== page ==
• Nick Sheridan drove his truck 200 miles to participate in rescue efforts. Along with two other big-rig drivers, he rescued more than 1,000 people. “We worked together. We drove through the streets in teams so that if one of us got stuck we had each other to keep moving…. I was really able to put my equipment to use here being a freelance rescuer.”
  • Teams of medical professionals from all over the country have gone to Houston to help with the medical response. University of Washington professor and emergency physician Stephen Morris is part of one disaster medical assistance team from my own state working in a field hospital just outside the city. Dr. Morris notes that his team is addressing significant numbers of wound cases, high blood pressure, medication issues, and severe distress related to loss of homes and livelihoods.
  • There were also countless stories of animal rescues. You may have seen the film of two men riding horses through the flood waters to save livestock, including a penned-in horse that was standing in water up to its neck. A national effort was undertaken by the Humane Society of the United States and several other animal rescue groups to transfer animals in shelters to facilities in other parts of the country, where they hope the animals will be adopted. Texas shelters are expecting a large influx of lost pets and abandoned animals in the wake of Harvey.

These are just a few of the innumerable stories of kindness, compassion, and heroism that have come out of Hurricane Harvey. It appears that we’re likely to see more in the wake of Hurricane Irma as she devastates parts of the Caribbean and approaches landfall in Florida and potentially other parts of the Southeastern U.S.

We saw twelve years ago with Hurricane Katrina that recovery from a disaster such as this does not come quickly. It may take years. People tend to be great at responding immediately to disaster, but we have short attention spans. It’s too easy to forget that people who have lost their homes, or whose homes are badly damaged, will be dealing with the stress and expense of recovery for a long, long time.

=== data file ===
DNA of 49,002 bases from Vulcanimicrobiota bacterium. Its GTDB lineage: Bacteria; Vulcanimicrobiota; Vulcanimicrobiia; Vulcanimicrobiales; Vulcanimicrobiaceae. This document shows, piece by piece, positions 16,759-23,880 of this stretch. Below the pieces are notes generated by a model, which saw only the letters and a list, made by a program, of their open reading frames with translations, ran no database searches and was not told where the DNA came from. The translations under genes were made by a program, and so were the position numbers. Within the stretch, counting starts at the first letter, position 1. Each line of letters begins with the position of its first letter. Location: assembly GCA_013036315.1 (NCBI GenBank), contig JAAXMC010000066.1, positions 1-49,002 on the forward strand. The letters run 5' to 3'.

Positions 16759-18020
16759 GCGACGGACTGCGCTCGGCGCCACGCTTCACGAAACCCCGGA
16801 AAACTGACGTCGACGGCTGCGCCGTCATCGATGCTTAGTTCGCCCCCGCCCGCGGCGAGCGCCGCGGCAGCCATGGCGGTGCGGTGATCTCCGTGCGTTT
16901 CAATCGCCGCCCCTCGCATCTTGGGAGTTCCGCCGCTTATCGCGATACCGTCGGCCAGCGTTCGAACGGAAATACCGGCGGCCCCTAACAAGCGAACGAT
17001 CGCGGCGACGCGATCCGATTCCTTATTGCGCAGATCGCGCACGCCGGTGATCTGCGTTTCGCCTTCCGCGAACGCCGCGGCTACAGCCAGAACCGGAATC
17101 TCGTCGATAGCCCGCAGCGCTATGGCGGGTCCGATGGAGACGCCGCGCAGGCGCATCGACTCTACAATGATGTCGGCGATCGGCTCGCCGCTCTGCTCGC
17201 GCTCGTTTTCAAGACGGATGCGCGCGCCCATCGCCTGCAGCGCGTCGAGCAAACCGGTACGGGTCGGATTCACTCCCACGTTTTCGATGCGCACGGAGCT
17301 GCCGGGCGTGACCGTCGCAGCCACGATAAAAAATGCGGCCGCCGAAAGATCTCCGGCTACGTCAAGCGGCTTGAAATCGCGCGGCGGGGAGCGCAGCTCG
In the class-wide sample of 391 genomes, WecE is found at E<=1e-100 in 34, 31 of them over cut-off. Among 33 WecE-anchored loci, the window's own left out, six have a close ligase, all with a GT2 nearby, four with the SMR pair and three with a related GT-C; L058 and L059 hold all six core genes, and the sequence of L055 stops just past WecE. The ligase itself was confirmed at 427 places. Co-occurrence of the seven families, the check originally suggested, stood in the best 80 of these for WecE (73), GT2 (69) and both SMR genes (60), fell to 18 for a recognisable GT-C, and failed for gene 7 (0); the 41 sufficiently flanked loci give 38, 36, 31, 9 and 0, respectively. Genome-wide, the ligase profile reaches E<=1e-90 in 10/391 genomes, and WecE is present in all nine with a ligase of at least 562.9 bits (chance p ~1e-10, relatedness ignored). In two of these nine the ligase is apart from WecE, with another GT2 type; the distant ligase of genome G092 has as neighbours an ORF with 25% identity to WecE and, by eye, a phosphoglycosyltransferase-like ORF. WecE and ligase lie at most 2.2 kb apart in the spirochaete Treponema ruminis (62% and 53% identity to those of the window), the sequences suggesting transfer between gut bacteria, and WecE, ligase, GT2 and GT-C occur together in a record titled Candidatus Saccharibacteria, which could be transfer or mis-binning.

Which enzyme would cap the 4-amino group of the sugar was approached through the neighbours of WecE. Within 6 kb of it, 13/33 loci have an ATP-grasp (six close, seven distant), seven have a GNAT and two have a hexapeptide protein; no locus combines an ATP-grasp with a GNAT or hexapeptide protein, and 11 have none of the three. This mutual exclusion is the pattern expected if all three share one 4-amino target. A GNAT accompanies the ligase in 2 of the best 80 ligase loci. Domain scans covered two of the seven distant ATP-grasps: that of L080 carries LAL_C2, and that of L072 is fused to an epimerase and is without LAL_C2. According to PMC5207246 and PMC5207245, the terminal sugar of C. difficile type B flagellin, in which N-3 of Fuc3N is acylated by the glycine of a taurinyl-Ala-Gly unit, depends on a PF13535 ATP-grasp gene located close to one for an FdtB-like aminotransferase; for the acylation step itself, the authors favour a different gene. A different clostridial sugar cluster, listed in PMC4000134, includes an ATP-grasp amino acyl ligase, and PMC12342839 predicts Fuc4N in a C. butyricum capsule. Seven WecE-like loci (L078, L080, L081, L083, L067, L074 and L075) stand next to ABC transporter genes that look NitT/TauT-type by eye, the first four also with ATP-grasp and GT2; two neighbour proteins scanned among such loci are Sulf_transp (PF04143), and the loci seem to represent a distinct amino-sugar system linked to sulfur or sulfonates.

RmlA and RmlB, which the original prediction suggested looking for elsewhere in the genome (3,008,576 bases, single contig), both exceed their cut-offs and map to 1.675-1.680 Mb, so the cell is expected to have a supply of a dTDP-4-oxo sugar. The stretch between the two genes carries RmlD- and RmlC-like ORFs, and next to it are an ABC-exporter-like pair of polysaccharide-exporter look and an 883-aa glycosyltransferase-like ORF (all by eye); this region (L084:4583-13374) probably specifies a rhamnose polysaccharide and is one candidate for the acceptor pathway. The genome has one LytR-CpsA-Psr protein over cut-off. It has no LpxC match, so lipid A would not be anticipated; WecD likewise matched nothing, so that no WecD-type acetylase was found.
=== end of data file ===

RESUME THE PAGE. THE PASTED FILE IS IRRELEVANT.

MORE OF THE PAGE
Let’s all remember to be supportive for the long-haul, in whatever ways we can. One great way to be supportive and also to provide a bit of relief for any compassion fatigue you may be suffering is to join the September 12 Hand In Hand telethon, helmed by a number of caring celebrities to benefit those affected by Hurricane Harvey. It’s now been expanded to include Hurricane Irma victims, too.

Alarmingly, Hurricanes Jose and Katia are not far behind….

“The world is changed by your example, not by your opinion.” (Paulo Coelho)

 

Are Wealthy People Less Compassionate?

“The test of our progress is not whether we add more to the abundance of those who have much; it is whether we provide enough for those who have too little.” (Franklin D. Roosevelt)

Attribution: Donna CameronSome time ago, I came across an article citing research that I found fascinating. I wanted to write about it in YOLK, but was deterred by a concern that it’s just one more thing that divides us . . . and there’s already way too much of that.

Still, I think it’s important information and perhaps if approached with curiosity and a desire to inspire change, instead of finger-pointing or rebuke, it might be beneficial rather than divisive.

U.C. Berkeley psychologists Paul Piff and Dacher Keltner conducted several studies examining whether social class affects how people think about and treat others. They defined social class by such measurements as wealth, education, and professional prestige.

In one study, they observed motorists at four-way intersections and reported that drivers of luxury cars were more likely to cut off other drivers, rather than wait their turn at the intersection. Interestingly, I had noted this phenomenon first-hand several years ago when I traveled to California’s wealthy Marin County for a business conference (confession: I grew up in Marin, but escaped in my 20s). At a four-way stop in the affluent town of Mill Valley, my lowly rental Taurus was cut-off first by a Maserati and then by a Mercedes convertible. At another intersection, I stopped, but a Lamborghini breezed through the stop-sign as if it didn’t exist. Piff’s and Keltner’s research confirmed this behavior in luxury car drivers regardless of time of day or density of traffic. They also found that these drivers were more likely than others to ignore a pedestrian trying to cross at a crosswalk.

In a different, but equally fascinating study, these same researchers manipulated class feelings to examine selfish behaviors. They asked people to spend some time comparing themselves to others who were either better or worse off financially. Then they offered the subjects a jar of candy and told them they could take as much as they wanted and that the remainder would be given to nearby children. Interestingly, the participants who had spent time thinking about how much better off they were than others took significantly more candy than those who viewed themselves as less well-off.